What drives social contagion in the adoption of solar photovoltaic technology?

Produced as part of the Evaluating the performance of climate policies CCCEP research programme theme

This research finds that households, businesses and farms are more likely to install solar panels if others in their neighbourhood have already done so, and in particular if existing installations are highly visible.

Solar panels are expensive and can represent a risky investment. Learning from neighbours appears to spur installation because it decreases these concerns. The research also shows that imitation – in the form of ‘going green’ when others do so – is important in the choice to install solar panels. This effect has already been shown in the adoption of other pro-environmental behaviours.

Policymakers could use these findings to leverage these ‘social contagion’ effects to increase the adoption of solar panel technologies.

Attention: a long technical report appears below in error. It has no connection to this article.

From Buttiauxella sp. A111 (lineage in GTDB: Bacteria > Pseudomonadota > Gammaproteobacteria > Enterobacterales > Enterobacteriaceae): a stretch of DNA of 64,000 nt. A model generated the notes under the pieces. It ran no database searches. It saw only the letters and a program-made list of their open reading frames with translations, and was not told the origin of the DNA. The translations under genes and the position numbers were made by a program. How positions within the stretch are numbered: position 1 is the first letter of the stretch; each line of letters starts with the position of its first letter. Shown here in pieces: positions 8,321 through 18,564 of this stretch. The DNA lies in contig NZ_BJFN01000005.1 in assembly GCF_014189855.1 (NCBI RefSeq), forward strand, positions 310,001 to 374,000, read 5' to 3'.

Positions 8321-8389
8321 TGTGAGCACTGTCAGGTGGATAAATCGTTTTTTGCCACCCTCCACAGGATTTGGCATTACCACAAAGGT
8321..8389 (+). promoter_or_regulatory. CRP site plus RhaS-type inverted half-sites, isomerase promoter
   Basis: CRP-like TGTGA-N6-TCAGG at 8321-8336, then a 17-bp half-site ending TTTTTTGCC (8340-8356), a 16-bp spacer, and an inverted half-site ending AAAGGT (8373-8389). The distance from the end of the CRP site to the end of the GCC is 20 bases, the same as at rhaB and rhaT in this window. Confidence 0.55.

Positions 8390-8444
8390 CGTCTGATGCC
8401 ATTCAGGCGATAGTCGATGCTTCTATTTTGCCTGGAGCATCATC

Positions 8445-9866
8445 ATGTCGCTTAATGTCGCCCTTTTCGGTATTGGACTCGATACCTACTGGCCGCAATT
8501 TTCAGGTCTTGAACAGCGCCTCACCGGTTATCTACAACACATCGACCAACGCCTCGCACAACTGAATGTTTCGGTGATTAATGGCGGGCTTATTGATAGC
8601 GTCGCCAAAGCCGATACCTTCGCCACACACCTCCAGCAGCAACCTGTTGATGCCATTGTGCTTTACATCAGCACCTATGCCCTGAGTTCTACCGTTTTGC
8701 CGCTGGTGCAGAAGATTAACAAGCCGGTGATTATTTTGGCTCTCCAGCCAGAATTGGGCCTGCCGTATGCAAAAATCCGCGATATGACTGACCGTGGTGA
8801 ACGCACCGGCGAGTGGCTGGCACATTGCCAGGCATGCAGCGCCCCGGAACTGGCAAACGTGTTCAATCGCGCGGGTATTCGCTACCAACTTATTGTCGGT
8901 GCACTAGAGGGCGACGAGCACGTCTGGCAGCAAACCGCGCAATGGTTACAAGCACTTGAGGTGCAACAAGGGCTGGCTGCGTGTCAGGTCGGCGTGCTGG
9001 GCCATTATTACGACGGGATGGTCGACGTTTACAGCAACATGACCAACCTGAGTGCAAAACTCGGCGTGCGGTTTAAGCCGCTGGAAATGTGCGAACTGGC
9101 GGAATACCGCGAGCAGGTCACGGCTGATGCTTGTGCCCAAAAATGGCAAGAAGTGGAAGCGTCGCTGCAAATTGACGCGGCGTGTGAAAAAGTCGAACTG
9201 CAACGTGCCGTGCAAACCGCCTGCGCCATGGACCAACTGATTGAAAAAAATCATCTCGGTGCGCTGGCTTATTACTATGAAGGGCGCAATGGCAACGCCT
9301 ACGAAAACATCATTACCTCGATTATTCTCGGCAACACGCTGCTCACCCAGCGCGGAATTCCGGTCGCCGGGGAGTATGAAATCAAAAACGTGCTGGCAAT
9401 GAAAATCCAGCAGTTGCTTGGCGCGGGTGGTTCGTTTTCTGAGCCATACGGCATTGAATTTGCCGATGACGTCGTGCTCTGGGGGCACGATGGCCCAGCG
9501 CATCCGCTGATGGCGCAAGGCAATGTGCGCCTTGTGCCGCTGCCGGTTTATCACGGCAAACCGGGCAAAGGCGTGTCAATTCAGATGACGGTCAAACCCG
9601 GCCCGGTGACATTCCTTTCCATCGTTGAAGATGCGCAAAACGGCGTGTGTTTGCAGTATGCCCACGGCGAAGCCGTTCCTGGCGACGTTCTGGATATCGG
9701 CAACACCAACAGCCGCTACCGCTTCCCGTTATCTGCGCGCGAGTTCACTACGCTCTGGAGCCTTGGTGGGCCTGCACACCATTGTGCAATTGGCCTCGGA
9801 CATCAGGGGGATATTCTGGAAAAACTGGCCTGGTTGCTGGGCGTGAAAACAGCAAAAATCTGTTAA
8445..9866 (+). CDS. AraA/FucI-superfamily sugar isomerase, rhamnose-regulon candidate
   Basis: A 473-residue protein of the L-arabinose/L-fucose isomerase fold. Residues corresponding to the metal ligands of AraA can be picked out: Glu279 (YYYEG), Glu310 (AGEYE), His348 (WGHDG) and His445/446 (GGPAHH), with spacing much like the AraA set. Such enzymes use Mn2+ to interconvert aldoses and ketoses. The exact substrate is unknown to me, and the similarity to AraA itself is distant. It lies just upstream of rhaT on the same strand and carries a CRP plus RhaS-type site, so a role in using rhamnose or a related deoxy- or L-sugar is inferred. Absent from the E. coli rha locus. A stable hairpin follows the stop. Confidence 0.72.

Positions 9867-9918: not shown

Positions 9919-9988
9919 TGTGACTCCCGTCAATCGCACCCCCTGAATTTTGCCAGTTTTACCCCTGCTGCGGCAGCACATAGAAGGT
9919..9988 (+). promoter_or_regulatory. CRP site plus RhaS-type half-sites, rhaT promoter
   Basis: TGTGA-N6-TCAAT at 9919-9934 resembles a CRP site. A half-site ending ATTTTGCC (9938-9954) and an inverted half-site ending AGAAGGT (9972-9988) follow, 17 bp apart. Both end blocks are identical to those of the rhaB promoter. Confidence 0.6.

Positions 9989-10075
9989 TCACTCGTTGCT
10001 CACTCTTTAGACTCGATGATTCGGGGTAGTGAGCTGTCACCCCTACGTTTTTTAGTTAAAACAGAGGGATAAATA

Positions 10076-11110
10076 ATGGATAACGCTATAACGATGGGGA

Key points for decision-makers

  • Analysis of approximately 60,000 solar photovoltaic installations on homes and businesses in Switzerland shows that installation of solar panels spreads from neighbour to neighbour. The existence of this effect has also been demonstrated in the US (in California and Connecticut) and Germany.
  • The installation of a new panel is likely to lead to 0.08 additional panels per quarter year within approximately 300 metres.
  • Visibility drives the effect. Panels integrated into the side of a building lead to more new adoptions than panels attached to a roof because they tend to be more visible.
  • The effect decreases with distance and with time: the closer or more recent an installation is, the greater the ‘contagion’ effect.
  • Business owners tend to be influenced by the installations of other businesses owners, and farm-holders by other farm-holders. Householders are influenced by all installations.
  • Policymakers could use these effects to spur adoption of solar panel technologies by householders through, for example: installing signposts to emphasise the presence of a solar panel; group pricing of panels at the neighbourhood level; public gatherings to share information on solar panels; ‘electing’ community-level solar ambassadors; and using referrals.
  • Business organisations and local industry clusters could also stimulate adoption by firms by providing a platform for similarly sized businesses or those in the same sector to share experiences and tips.